Milan 2013: Fabio Novembre presented these giant skull-shaped chairs for Italian brand Gufram at the Salone Internazionale del Mobile last week.
"When people ask me why I wear a skull on my finger, I always answer that it belonged to my grand-father, who was a pirate, and I think I came to believe it myself," says Novembre. "Everybody should have at least one pirate grand-father in their family tree: it would represent a strong branch to cling to."
This isn't the first time Novembre has sculpted giant body parts to form furniture: two years ago in Milan he presented huge faces for sitting in and prior to that he launched a pair of chairs that look like kneeling naked figures.
Here's some more information about Jolly Roger:
The product is a demand for freedom; a synonym of intellectual independence that follows a brave path, by keeping away from the standardized typological doldrums of the interior design project, and marks a new planning horizon.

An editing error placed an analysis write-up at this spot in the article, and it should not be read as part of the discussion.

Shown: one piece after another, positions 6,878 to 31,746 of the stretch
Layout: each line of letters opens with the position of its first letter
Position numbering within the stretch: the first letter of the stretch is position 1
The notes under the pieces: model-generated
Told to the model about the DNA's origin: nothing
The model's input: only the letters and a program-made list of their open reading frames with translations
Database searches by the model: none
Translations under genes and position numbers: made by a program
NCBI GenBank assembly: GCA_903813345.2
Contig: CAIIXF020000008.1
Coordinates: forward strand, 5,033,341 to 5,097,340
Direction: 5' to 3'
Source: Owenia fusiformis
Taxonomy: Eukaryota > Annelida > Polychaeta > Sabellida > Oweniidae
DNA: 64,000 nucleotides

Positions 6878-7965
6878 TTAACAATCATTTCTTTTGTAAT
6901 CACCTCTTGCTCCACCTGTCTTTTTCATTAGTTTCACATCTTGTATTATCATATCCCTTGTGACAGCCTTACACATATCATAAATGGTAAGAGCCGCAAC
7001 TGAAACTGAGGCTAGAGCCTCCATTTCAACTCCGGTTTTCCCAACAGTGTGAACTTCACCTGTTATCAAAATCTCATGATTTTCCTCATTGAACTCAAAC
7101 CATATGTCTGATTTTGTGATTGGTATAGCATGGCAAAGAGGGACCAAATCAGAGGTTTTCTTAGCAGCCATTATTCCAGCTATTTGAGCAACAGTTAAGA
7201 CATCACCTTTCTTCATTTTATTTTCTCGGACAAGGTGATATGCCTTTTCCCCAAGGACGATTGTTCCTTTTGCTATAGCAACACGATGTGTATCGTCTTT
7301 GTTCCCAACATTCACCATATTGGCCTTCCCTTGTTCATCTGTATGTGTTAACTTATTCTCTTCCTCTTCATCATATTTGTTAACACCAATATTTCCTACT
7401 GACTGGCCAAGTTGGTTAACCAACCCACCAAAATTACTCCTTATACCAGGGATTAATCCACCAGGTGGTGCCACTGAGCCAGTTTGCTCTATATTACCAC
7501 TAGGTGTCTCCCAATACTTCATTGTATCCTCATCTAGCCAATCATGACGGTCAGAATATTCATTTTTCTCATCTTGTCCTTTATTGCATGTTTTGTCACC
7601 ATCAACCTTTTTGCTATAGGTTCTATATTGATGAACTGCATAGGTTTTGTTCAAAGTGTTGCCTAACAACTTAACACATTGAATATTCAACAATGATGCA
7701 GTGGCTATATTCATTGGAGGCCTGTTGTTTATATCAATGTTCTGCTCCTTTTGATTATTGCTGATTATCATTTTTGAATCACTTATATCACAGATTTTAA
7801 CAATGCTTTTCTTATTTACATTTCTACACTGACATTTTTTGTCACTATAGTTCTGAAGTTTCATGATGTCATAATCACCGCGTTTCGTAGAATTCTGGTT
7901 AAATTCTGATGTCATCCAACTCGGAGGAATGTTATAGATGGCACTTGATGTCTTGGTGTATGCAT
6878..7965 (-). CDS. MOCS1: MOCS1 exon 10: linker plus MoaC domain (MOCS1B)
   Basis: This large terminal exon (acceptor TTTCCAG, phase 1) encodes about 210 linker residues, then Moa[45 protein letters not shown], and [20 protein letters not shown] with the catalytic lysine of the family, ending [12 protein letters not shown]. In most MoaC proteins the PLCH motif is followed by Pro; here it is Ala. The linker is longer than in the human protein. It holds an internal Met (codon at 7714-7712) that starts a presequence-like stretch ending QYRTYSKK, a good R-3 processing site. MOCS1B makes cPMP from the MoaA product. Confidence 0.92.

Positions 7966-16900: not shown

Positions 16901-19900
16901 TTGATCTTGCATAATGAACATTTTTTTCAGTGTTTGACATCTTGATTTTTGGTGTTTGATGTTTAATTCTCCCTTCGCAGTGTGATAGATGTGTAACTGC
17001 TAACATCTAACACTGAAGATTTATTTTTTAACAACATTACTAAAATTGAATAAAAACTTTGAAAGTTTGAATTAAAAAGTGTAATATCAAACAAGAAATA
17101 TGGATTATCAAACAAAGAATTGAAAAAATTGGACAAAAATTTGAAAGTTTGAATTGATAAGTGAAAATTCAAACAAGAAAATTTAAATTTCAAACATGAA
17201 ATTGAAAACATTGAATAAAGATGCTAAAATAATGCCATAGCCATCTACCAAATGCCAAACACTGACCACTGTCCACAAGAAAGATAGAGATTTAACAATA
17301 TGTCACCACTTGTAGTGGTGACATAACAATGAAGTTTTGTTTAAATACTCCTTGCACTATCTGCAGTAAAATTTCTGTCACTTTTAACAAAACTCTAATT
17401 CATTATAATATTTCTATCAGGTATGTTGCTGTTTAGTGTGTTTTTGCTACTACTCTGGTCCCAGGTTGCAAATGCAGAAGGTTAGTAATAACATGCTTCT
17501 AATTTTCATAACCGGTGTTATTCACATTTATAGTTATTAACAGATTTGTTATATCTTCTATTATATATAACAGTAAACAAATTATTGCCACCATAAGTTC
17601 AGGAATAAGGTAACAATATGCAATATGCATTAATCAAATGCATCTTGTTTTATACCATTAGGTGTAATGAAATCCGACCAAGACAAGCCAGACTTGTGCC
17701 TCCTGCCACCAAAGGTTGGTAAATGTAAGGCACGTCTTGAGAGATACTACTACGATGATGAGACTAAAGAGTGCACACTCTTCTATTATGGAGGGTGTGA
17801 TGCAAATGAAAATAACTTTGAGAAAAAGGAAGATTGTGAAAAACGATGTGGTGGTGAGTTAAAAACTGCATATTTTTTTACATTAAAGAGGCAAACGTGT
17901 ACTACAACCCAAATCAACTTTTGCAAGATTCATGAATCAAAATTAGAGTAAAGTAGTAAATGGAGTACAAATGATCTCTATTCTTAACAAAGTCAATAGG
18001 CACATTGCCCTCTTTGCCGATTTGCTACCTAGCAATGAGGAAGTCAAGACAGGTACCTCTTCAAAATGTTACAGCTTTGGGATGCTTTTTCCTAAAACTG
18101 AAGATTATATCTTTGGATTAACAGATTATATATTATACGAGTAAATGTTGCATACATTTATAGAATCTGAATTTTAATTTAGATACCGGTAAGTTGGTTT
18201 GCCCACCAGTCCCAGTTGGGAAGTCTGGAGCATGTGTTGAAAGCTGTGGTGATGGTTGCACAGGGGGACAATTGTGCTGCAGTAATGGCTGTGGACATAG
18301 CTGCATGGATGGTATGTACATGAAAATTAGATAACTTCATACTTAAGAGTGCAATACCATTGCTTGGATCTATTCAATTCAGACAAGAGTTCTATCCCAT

And here is the homage; the scornful tribute to these unwritten codes of audacity and derring- do: Jolly Roger. A chair that formally hints to the skull – the symbol of swagger painted on the red standard of French and then English corsairs and freebooters, terror of the seven seas.
And it is the globe itself to remain suspended in the internal frame – a map surrounded by the oceans; the desire for insatiable conquest; almost an exhortation not to keep still; a warning: never forget you are sitting on the world.
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